What Does Breast Pain Feel Like?
Breast pain may range from mild to severe in intensity, and from an overall ache to a sharp or tingling pain. The breasts may feel full or heavy, and it may be uncomfortable to sleep on your stomach or wear a bra. Tenderness, swelling and lumpiness may come and go with the menstrual cycle. These symptoms are usually felt strongest just before menstruation and improve during or immediately after the cycle
Why Do Women Have Breast Pain?
As many as 50% to 70% of women experience breast pain. The most common complaints are premenstrual breast discomfort and lumpy breasts. These are often related to fibrocystic tissue in the breast. This does not increase your risk for developing breast cancer and no treatment is required.
Breasts are affected by changing hormone levels during the menstrual cycle and sometimes during emotional stress. Changes in estrogen and progesterone levels can cause the breasts to feel more lumpy, painful and/or swollen. Lumpiness and/or pain increases in many women as they get older. This may be because women become more sensitive to normal female hormones as they age.
Breast pain may also be caused by cysts, or small pockets of fluid in the breast. Cysts can usually be seen on a mammogram or ultrasound. Most women with lumpy or painful breasts do not have cysts. Their mammograms and ultrasound examinations are usually normal.
What Can Be Done About Breast Pain?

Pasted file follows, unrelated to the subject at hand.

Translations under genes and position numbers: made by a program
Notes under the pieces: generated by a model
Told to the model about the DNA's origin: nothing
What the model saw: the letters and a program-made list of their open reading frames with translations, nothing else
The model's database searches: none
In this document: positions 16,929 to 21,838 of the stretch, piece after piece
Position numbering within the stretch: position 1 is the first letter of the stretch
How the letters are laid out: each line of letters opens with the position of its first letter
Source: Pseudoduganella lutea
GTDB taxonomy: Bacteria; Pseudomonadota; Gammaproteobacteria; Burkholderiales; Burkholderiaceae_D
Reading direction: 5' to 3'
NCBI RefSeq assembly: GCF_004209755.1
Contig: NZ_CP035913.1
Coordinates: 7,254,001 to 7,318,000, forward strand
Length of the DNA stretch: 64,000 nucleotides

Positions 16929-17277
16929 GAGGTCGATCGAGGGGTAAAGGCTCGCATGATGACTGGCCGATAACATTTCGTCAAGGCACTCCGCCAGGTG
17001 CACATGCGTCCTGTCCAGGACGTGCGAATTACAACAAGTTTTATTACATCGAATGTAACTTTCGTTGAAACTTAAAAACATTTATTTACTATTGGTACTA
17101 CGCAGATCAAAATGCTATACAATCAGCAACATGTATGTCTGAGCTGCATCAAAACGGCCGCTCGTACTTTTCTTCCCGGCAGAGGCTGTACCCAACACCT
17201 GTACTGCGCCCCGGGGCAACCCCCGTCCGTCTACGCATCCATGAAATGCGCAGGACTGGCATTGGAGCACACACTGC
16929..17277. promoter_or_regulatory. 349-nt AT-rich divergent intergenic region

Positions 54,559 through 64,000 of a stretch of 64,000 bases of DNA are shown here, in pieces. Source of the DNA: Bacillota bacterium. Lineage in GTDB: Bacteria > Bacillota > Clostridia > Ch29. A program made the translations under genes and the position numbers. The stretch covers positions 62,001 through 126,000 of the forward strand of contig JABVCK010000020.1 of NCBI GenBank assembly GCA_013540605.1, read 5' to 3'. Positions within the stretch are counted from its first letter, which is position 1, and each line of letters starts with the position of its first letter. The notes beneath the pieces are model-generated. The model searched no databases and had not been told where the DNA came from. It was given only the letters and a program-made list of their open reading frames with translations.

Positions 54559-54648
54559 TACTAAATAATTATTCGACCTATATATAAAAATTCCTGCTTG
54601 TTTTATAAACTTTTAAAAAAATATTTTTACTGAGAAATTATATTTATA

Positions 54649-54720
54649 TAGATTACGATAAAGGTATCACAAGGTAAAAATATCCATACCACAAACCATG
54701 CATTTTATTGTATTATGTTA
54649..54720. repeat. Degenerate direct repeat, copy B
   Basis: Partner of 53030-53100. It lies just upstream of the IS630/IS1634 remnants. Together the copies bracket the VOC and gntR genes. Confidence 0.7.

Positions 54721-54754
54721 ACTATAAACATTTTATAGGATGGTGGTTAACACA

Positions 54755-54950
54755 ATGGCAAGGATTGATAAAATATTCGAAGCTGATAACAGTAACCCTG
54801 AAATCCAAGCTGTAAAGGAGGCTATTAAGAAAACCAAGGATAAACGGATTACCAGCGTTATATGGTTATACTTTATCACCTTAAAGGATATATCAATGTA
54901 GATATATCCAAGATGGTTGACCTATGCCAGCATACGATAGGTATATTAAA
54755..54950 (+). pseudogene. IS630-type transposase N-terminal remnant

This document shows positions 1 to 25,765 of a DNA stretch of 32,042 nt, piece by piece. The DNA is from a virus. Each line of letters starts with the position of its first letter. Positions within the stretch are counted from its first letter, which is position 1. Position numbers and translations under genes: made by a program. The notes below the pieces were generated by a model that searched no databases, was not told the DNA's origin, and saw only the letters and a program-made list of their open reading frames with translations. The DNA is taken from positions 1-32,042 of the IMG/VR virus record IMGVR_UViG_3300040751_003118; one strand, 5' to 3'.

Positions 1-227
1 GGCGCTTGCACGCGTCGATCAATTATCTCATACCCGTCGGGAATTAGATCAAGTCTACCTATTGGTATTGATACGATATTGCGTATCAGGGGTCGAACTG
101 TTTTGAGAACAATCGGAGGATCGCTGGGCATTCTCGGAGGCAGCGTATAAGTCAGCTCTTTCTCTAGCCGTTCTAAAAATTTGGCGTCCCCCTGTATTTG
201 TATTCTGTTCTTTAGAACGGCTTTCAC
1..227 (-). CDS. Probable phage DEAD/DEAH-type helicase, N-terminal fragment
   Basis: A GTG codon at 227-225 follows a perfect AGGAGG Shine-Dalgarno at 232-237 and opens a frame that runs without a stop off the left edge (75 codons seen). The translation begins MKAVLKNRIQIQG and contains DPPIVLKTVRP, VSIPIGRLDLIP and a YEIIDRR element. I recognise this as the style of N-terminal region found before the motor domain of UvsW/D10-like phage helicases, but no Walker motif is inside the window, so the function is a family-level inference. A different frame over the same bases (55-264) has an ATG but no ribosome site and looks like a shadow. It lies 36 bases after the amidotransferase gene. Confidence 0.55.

Some women find that making certain lifestyle changes can relieve breast pain. Here are some tips:
- Wear a supportive bra, such as a sports bra, 24 hours a day, or when the breasts are most sensitive. This may relieve pain caused by movement of your breasts. Change to a larger bra size if you have breast swelling.
- Heat, such as from a heating pad, warm compress or a bath can provide relief. For some women, using an icepack or cold compress may help.
- Maintain a healthy weight.
- Eat more fruits and vegetables and follow a low-fat diet.
- Reduce the amount of salt you eat, and drink 8 to 10 glasses of caffeine-free fluids a day. This may reduce swelling in your breasts.
- One of the best ways to relieve breast pain is to reduce or eliminate caffeine from your diet (see chart). Eliminate caffeine from the diet for at least 3 to 4 months to see if pain improves.
- Take daily calcium (1,000mg to 1,500mg) and vitamin E (800 I.U.) supplements.
- Take aspirin or Tylenol™.
- Try stress-relieving measures such as regular physical exercise, relaxation techniques and massage.
There is no proven remedy for cyclical breast discomfort. However, the good news is that it is not a sign of breast cancer and usually disappears when menopause begins.
Breast pain that occurs in one particular area and does not change throughout the month can be a danger sign and should not be ignored. Check with your doctor to see if a complete breast examination and mammogram are necessary.
Average Caffeine content of common foods, beverages and medications
|Barqs Root Beer||22|
|Dr. Pepper reg/diet||42|
|Mug Root Beer||0|
|Pepsi (sugar free)||36|
|Chocolate, cocoa, carob||mg/oz|
|Cocoa mix drink||1|
Adapted from Levy M, Management of Painful Breasts, Breast Diseases, 1988; 1:65-69
Love S, Lumpy Breasts, The Medical Forum, Nov 1984, PP 3-5
McGinn A, Keeping Abreast, Bull Publishing, 1987
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